This wood-burning from Romania (a gift from my Aunt Linda, who is keeping the provenance a secret) shows historical figure Vlad Dracula and Transylvania’s Castle Bran. The design is popular in the Romanian tourist trade; my Romanian colleague Adriana Cordali found a refrigerator magnet almost exactly like it during her last visit to her home country. Located just a few miles southwest of Brasov, the remarkably well-preserved fourteenth-century Castle Bran has come to be associated with Dracula in popular imagination over the last fifty years, though most historians agree that Prince Vlad never visited. The fifteenth-century Wallachian ruler’s own association with the literary figure is equally tenuous; a review of Bram Stoker’s notes indicates that the author drew the name “Dracula” from a brief mention in William Wilkinson’s An Account of the Principalities of Wallachia and Moldavia (London: Longmans, 1820), pp. 18-19.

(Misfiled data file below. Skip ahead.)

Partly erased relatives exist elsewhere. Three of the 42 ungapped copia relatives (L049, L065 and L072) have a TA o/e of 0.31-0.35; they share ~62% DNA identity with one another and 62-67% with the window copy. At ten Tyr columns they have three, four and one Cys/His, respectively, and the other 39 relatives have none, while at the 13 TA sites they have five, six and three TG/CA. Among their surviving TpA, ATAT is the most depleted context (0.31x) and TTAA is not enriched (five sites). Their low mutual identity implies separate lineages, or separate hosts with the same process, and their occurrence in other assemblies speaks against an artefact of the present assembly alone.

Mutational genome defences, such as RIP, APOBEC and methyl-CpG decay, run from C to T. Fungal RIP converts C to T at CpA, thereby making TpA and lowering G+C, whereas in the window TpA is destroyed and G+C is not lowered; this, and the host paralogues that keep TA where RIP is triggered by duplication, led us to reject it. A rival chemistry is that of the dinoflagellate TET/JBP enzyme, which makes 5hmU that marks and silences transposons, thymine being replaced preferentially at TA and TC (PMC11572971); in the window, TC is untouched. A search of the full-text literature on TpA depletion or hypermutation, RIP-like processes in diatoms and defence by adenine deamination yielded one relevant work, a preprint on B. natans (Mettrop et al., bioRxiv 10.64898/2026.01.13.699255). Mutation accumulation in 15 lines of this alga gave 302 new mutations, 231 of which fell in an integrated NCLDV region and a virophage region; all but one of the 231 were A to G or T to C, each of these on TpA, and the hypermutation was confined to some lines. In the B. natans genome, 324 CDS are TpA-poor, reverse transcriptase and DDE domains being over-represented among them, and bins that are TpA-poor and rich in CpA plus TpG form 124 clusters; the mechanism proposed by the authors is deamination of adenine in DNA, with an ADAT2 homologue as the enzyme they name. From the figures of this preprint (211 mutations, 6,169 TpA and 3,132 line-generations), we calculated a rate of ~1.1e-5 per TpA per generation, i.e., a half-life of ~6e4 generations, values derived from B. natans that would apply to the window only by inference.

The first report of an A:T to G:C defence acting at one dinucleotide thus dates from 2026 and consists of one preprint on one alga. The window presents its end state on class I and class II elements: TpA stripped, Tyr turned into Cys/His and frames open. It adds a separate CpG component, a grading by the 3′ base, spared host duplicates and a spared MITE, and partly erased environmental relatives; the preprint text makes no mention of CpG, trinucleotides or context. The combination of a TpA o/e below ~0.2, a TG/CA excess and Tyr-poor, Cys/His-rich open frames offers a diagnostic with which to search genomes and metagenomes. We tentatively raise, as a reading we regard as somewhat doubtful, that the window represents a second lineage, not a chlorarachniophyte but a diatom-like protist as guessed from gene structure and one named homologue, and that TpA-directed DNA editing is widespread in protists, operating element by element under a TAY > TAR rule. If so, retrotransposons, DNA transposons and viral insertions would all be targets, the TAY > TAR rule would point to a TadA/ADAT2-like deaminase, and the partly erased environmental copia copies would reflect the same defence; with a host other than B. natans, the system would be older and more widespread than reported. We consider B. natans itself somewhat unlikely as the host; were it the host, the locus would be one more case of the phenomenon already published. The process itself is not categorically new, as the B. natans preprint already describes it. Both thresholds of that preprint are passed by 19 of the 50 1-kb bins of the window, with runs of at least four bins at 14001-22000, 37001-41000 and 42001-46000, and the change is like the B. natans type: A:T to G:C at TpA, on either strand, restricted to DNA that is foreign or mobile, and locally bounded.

Thanks to Robert Eighteen-Bisang and Elizabeth Miller’s Bram Stoker’s Notes for Dracula (Jefferson, NC and London: McFarland & Co., 2008), pp. 244-245 for the reference.